Raptors president and general manager Masai Ujiri confirmed the obvious at his end of season presser on Monday, the last thing Toronto needs is another couple of young players to develop. Unfortunately, Ujiri has two first round draft picks this year and one of them is a lottery pick. The Raptors GM quite literally asked for suggestions from the media – not that he hasn’t thought about it. Trade up, trade out or stand pat and hope to fix it this summer are the only options.
The teams to talk to are the Lakers, Timberwolves and possibly the Pelicans. The Celtics hold the third pick, but they’re another team with too many young assets and too many draft picks. The Suns have three first round draft picks including the 4th overall, but they should want to talk deal with everyone/anyone.
Out of the blue last season Norman Powell emerged as a tough defensive guard/wing with more offensive flair and a better three-point shot than almost anyone in the Raptors organization expected. At least they didn’t expect things to develop this quickly. Unless he gets hurt or implodes over the summer, Powell will be a rotation player next season and there won’t be more than two young guys in head coach Dwane Casey’s defending Eastern Conference Finals rotation in 2016-17.
Ujiri has another big overhanging issue. He would like to bring back his glass-cleaning backup center Bismack Biyombo next season, but to do it, he’s going to have to clear some salary cap space. Trading up in the draft could give him the means to solve both of his problems and he has the trade bait to make a move. If Powell is in the rotation at the start of the season, Terrence Ross is available and opening up his salary slot would give Ujiri the means to bring back Biyombo.
The Raptors roster targets are at the small forward and power forward spots and three-point shooting is a priority. If Ujiri is going to add a rookie to his roster, they need to be ready to contribute. It also means one of the current young guys will be available as well. The Raptors are all full up with players who’ll be watching from the bench and spending time in the NBA D-League in order to get playing time. If Ujiri adds a rookie, someone is getting pushed out.
The 25-year-old Ross signed a three-year $31.5 million extension that kicks in on July 1. How he’ll be valued by other teams is unknown, but you know what he’s done. A career 38 percent three-point shooter who can and will fire up 5 treys per 24 minutes and dramatically improved his two-point effectiveness last season. Ross is a scorer that has shown defensive potential. He’s tied with Vince Carter for the most points ever scored by a Raptors player in a single game and it still seems like he’s a breakout player just waiting for the light to come on. A change of scenery could pay big dividends.
Players in the draft the Raptors could look to trade up for include: LSU forward Ben Simmons (expected to go 1st overall – so skip him), Duke small forward Brandon Ingram, and California small forward Jaylen Brown (who the Raptors saw recently in a workout). Highly-rated Maccabi Tel Aviv power forward Dragan Bender barely played last season, so he’d be tough to draft and expect to contribute much right away.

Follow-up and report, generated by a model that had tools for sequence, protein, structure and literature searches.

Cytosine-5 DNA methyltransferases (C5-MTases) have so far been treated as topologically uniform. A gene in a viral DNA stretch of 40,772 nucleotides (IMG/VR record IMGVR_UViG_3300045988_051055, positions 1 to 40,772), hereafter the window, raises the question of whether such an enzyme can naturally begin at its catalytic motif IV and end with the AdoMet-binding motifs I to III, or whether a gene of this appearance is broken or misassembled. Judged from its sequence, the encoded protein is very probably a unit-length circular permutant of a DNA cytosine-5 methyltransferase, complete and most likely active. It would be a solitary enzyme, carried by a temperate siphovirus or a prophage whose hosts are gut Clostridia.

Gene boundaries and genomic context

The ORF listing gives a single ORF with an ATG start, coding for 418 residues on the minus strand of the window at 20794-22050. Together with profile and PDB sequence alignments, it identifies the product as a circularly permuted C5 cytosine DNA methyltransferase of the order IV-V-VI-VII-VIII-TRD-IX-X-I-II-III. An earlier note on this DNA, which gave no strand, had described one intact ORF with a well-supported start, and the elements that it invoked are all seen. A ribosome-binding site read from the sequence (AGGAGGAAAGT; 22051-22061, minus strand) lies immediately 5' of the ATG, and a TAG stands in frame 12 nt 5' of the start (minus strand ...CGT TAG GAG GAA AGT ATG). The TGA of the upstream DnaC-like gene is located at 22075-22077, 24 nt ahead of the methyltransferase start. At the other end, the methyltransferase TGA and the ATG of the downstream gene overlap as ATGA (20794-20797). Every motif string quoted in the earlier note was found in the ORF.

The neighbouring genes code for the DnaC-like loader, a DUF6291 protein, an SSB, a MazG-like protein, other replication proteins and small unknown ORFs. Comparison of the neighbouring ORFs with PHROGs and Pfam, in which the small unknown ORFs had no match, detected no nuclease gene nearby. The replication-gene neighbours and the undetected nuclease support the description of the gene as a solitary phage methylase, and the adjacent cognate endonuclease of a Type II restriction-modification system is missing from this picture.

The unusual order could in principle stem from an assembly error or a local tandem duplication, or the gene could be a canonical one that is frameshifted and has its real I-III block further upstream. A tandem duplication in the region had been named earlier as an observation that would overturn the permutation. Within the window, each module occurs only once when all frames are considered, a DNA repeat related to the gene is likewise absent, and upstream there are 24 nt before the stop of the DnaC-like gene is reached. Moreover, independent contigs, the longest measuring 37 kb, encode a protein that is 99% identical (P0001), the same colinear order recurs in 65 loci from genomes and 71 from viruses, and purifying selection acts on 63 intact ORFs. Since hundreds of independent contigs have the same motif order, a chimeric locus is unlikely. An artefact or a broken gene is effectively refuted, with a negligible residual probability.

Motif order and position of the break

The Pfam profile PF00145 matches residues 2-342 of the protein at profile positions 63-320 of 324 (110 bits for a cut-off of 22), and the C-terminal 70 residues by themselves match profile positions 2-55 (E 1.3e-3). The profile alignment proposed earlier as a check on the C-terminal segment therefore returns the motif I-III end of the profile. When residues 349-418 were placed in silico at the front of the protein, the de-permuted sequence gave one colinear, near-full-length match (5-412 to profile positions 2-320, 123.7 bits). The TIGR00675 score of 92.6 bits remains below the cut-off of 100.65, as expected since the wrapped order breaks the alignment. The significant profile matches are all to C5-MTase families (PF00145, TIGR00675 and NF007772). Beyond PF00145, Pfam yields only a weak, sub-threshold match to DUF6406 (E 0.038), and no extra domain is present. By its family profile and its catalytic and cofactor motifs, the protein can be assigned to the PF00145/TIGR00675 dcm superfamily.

At this time, the best power forwards in the draft are expected to be available with the ninth pick, although that could change.
Lakers 2nd overall draft pick
What would it take for the Lakers to give up the possibility of drafting Brandon Ingram?
Aside from the realization that they are in a rebuilding phase, likely won’t have a first round draft pick next year or in 2019, and big name free agents just don’t come pounding down the doors of lottery teams? (Yes DeMar DeRozan really does value winning higher than going home.) The Lakers need assets, more assets than just one more player picked up in the draft can give them and the Raptors have assets and the incentive to trade them.
The Lakers could and should fleece the Raptors for the 9th pick, 27th pick, last year’s 20th pick Delon Wright and Terrence Ross for the 2nd pick in this year’s draft. It seems like way too much, but the time to get the assets you need to rebuild is when the other team can’t use them and needs to deal.
Suns 4th overall draft pick
Toronto would likely be hoping Jaylen Brown had dropped past the third spot to be interested in trying to work out a deal with the Suns. The Suns aren’t where they envisioned at this point and have four draft picks between 4th and 34th. Unless the player they really want is available at nine, it’s going to be hard to trade up with them.
Timberwolves 5th overall draft pick
The Timberwolves are tired of losing and frustrated by 12 years in the lottery in a row. They want to win now. Ross is a young veteran who would fit on their team. If there’s a player Ujiri wants available at five, he needs to talk with the T-wolves about trading up.
Pelicans 6th overall draft pick
The difference between picking sixth or ninth in this year’s draft depends more on where the guy you want is available. The Pelicans should be amiable to a deal and maybe Ujiri could grab Canadian guard Jamal Murray with the pick. Murray doesn’t fill a position of need, but he can fire the three-ball and he has real potential at either guard spot.
At some point, if Ujiri wants to keep Biyombo, he has to take what he can get trading some salary off his roster and Murray would be a popular choice.
The optics of trading up in this year’s draft are just better than trading out altogether, but it takes two teams to make a deal and trading up is never easy. It gets harder if teams believe you are trying to create salary cap space, but Ujiri should be able to find at least a couple of teams that should be really tempted to make a deal as they need what he has to offer.